The Sisterhood of the Traveling Pants by Ann Brashares - Fiction
"Funny, perceptive, and moving," raved USA Today of the first novel in the #1 New York Times bestselling Sisterhood of the Traveling Pants series by Ann Brashares, author of The Here and Now.From the Trade Paperback edition.
Some friends just fit together.
Once there was a pair of pants. Just an ordinary pair of jeans. But these pants, the Traveling Pants, went on to do great things. This is the story of the four friends—Lena, Tibby, Bridget, and Carmen—who made it possible.
"An outstanding and vivid book that will stay with readers for a long time." —Publishers Weekly, Starred, Flying Start
"The loving depiction of enduring and solid friendship will ring true to readers." —The Bulletin, Recommended
"A feel-good novel of substance." —Kirkus Reviews, Starred
Pants = love. Love your pals. Love yourself.
Not rated (0 Ratings)
"Can you close that suitcase?" Tibby asked Carmen."It's making me sick."
Carmen glanced at the structured canvas bag splayed wantonly in the middle of her bed. Suddenly she wished she had all-new underwear. Her best satin pair was sprouting tiny ropes of elastic from the waistband.
"It's making me sick," Lena said. "I haven't started packing. My flight's at seven."
Carmen flopped the top of the suitcase down on the carpeted floor. She was working on removing navy-blue polish from her toenails.
"Lena, could you not say that word anymore?" Tibby asked, wilting a little on the edge of Carmen's bed. "It's making me sick."
"Which word?" Bridget asked. "Packing? Flight? Seven?"
Tibby considered. "All of them."
"Oh, Tibs," Carmen said, grabbing Tibby's foot from where she sat. "It's gonna be okay."
Tibby took her foot back. "It's gonna be okay for you. You're going away. You're going to eat barbecue all the time and light firecrackers and everything.
Tibby had nonsensical ideas about what people did in South Carolina, but Carmen knew not to argue with her.
Lena let out a little hum of sympathy.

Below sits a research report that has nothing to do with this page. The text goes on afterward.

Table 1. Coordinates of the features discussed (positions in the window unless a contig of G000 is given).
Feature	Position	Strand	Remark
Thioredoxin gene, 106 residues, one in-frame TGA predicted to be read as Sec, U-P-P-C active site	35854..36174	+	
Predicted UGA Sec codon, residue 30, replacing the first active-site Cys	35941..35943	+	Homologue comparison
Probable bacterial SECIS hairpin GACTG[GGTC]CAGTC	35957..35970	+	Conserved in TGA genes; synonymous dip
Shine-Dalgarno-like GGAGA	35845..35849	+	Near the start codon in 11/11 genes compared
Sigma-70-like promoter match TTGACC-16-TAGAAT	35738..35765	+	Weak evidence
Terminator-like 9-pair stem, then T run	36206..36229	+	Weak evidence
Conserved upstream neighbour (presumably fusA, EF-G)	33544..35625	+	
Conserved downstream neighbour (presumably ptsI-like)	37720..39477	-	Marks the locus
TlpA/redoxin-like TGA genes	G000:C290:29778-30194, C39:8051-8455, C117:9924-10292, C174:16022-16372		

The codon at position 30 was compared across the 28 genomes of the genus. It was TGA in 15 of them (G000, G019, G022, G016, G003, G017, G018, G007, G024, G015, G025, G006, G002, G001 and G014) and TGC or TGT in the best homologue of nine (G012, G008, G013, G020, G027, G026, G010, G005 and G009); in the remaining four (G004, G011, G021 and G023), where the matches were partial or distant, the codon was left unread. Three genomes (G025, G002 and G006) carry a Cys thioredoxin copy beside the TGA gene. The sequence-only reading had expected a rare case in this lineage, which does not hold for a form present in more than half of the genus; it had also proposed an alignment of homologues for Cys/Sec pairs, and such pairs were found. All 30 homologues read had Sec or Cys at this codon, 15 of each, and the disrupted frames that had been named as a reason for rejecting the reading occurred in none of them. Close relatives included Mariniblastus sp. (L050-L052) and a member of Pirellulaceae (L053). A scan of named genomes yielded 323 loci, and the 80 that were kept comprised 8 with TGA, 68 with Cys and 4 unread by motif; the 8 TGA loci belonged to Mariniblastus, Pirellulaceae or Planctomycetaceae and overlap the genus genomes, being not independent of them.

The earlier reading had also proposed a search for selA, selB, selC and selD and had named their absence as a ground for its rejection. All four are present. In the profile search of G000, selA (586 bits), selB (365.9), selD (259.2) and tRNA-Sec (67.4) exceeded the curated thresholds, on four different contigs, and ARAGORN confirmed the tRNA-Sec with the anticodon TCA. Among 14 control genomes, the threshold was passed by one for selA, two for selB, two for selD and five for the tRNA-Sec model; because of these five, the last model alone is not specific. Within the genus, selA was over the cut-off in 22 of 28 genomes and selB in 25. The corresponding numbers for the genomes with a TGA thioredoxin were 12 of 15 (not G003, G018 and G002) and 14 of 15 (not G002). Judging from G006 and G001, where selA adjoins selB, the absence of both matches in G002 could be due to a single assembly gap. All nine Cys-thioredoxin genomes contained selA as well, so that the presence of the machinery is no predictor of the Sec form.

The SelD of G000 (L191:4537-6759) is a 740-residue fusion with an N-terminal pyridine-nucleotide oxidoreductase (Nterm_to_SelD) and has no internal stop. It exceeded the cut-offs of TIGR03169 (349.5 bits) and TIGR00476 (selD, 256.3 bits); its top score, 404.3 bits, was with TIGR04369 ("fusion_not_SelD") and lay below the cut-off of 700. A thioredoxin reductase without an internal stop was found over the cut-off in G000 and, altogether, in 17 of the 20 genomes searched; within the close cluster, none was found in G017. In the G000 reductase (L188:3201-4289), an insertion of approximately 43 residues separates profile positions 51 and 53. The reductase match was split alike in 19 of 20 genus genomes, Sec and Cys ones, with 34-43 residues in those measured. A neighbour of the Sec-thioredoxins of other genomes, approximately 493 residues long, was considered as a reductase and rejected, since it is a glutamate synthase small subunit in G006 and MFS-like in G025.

Tibby turned on her. "Don't make that pity noise, Lena."
Lena cleared her throat. "I didn't," she said quickly, even though she had.
"Don't wallow," Bridget urged Tibby. "You're wallowing."
"No," Tibby shot back. She held up hands crossed at the wrist in a hex sign to ward off Bridget. "No pep talks. No fair. I only let you do pep talks when you need to feel better."
"I wasn't doing a pep talk," Bridget said defensively, even though she was.
Carmen made her wise eyebrows. "Hey, Tibs? Maybe if you're nasty enough, you won't miss us and we won't miss you."
"Carma!" Tibby shouted, getting to her feet and thrusting a stiff arm at Carmen. "I see through that! You're doing psychological analysis on me. No! No!"
Carmen's cheeks flushed. "I am not," she said quietly.
The three of them sat, scolded into silence.
"God, Tibby, what is anybody allowed to say?" Bridget asked.
Tibby thought about it. "You can say . . ." She glanced around the room. She had tears welling in her eyes, but Carmen knew she didn't want them to show. "You can say . . ." Her eyes lighted on the pair of pants folded on the top of a stack of clothes on Carmen's dresser. "You can say, 'Hey, Tibby, want those pants?"'
Carmen looked baffled. She capped the polish remover, walked over to her dresser, and held up the pants. Tibby usually liked clothes that were ugly or challenging. These were just jeans. "You mean these?" They were creased in three places from inattention.
Tibby nodded sullenly. "Those."
"You really want them?" Carmen didn't feel like mentioning that she was planning to throw them away. Bigger points if they mattered.
Tibby was demanding a little display of unconditional love. Then again, it was her right. Three of them were flying off on big adventures the next day, and Tibby was launching her career at Wallman's in scenic Bethesda for five cents over minimum wage.
"Fine," Carmen said benevolently, handing them over.
Tibby absently hugged the pants, slightly deflated at getting her way so fast.
Lena studied them. "Are those the pants you got at the secondhand place next to Yes!?"
"Yes!" Carmen shouted back.
Tibby unfolded them. "They're great."
The pants suddenly looked different to Carmen. Now that somebody cared about them, they looked a little nicer.
"Don't you think you should try them on?" Lena asked practically. "If they fit Carmen, they aren't going to fit you."
Carmen and Tibby both glared at Lena, not sure who should take more offense.
"What?" Bridget said, hopping to Lena's...
The Sisterhood of the Traveling Pants
By: Ann Brashares